Diff: 2

Type: MC

Page Reference: 117

Topic: Factual

Objective: 4.22 Identify the three most common types of depressants and describe their effects.

 

187) Alcohol and barbiturates can

  1. relax the user, cause sleep, or cause death, depending upon the dose.
  2. cause hyperstimulation, anxiety, and heart attacks.
  3. cause flashbacks, even years after the last use.
  4. lead to chronic memory impairment, disrupt reproductive function, and reduced motivation.

 

Answer: a

Correct: In the extreme, both alcohol and barbiturates can be deadly, but in very small amounts are known to cause the user relaxation or sleepiness.

Diff: 2

Type: MC

Page Reference: 116

Topic: Conceptual

Objective: 4.22 Identify the three most common types of depressants and describe their effects.

 

188) Valium, Librium, and Xanax are

  1. narcotics.
  2. designer drugs.
  3. barbiturates.
  4. minor tranquilizers.

 

Answer: d

Correct: Among the more commonly used tranquillizers are Librium, Xanax, and Valium.

Diff: 2

Type: MC

Page Reference: 116

Topic: Factual

Objective: 4.22 Identify the three most common types of depressants and describe their effects.

 

189) Narcotics have

  1. pain-relieving effects.
  2. perception-altering effects.
  3. energizing effects.
  4. stimulating effects.

 

Answer: a

Correct: Narcotics have the potential to reduce pain as well as calm the user.

Diff: 2

Type: MC

Page Reference: 117

Topic: Factual

Objective: 4.22 Identify the three most common types of depressants and describe their effects.

 

190) Which class of drugs is often prescribed for the treatment of severe cases of cough and diarrhea?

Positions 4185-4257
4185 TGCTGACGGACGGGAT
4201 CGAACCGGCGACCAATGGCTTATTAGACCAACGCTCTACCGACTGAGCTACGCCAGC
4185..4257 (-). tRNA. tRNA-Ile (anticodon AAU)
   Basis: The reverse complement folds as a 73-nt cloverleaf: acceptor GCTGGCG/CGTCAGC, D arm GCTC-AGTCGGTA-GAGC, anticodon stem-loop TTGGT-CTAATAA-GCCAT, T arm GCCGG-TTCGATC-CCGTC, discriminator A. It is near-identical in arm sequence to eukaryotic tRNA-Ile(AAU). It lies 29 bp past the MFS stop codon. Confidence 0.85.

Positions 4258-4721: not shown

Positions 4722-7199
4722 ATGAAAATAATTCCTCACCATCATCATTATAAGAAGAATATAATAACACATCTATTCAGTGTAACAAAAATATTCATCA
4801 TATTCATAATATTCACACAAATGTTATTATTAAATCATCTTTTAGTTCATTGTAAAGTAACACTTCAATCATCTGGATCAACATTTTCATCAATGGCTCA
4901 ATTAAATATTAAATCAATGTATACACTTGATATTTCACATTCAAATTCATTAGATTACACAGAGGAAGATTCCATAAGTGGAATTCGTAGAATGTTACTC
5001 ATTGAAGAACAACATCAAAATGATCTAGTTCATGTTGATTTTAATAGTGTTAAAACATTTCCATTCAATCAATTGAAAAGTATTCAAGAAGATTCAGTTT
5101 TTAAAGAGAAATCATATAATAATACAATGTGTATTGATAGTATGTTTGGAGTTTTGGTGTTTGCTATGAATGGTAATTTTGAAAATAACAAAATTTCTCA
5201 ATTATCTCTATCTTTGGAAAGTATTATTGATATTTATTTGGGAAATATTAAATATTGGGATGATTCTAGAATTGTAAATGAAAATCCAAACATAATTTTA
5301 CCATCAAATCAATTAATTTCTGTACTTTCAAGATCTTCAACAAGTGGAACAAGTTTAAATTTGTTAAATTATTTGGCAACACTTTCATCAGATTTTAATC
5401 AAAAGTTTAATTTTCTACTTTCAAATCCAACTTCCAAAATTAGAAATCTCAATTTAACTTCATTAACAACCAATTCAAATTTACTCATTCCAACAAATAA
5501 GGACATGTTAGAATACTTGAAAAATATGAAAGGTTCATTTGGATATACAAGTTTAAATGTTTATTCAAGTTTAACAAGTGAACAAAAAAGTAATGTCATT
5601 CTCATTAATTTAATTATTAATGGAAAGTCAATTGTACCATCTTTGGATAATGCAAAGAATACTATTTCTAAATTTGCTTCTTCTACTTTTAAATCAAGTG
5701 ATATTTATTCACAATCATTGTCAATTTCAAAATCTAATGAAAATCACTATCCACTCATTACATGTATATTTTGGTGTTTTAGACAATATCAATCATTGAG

1. stimulants
  2. opiates
  3. cannabinoids
  4. depressants

 

Correct: Because of their effect on the bowel and the brain, opiates are a prescribed method of controlling diarrhea. Opiates also suppress the cough centre, which is why they are one of the ingredients in cough medicines.

Answer: b

Diff: 3

Type: MC

Page Reference: 117

Topic: Factual

Objective: 4.22 Identify the three most common types of depressants and describe their effects.

 

191) Which of the following drugs affects the bowel?

  1. marijuana
  2. opium
  3. benzodiazepines
  4. LSD

 

Answer: b

Correct: Because of their effect on the bowel and the brain, opiates are a prescribed method of controlling diarrhea.

Diff: 1

Type: MC

Page Reference: 117

Topic: Factual

Objective: 4.22 Identify the three most common types of depressants and describe their effects.

 

192) Which of the following is a narcotic?

  1. Valium
  2. LSD
  3. heroin
  4. cocaine

 

Answer: c

Correct: The highly addictive derivative of morphine—a major pain suppressant—is heroin.

Diff: 2

Type: MC

Page Reference: 117

Topic: Conceptual

Objective: 4.22 Identify the three most common types of depressants and describe their effects.

 

193) Which of these is not a narcotic?

  1. codeine
  2. Valium
  3. morphine
  4. heroin

 

Answer: b

Correct: Valium is one of the minor tranquillizers and, as such, is not a narcotic.

Diff: 2

Type: MC

Page Reference: 117

Topic: Conceptual

Objective: 4.22 Identify the three most common types of depressants and describe their effects.

 

194) Morphine and heroin reduce activity in the nervous system, produce lethargy, and cause a pronounced slowing of almost all bodily functions. These drugs are frequently referred to as

  1. designer drugs.
  2. stimulants.
  3. narcotics.
  4. hallucinogens.

 

Answer: c

Correct: Narcotics have pain-relieving effects, but are also known to calm the user.

Diff: 2

Type: MC

Page Reference: 117

Topic: Conceptual

Objective: 4.22 Identify the three most common types of depressants and describe their effects.

 

195) Which of the following drugs has the most physically agonizing withdrawal symptoms?

  1. amphetamines
  2. LSD
  3. marijuana
  4. heroin

 

Answer: d

Correct: Withdrawal symptoms associated with heroin include intense stomach cramps and nausea, as well as diarrhea. The pain resulting from withdrawal often becomes unbearable.

Diff: 3

Type: MC

Page Reference: 117

Topic: Conceptual

Objective: 4.22 Identify the three most common types of depressants and describe their effects.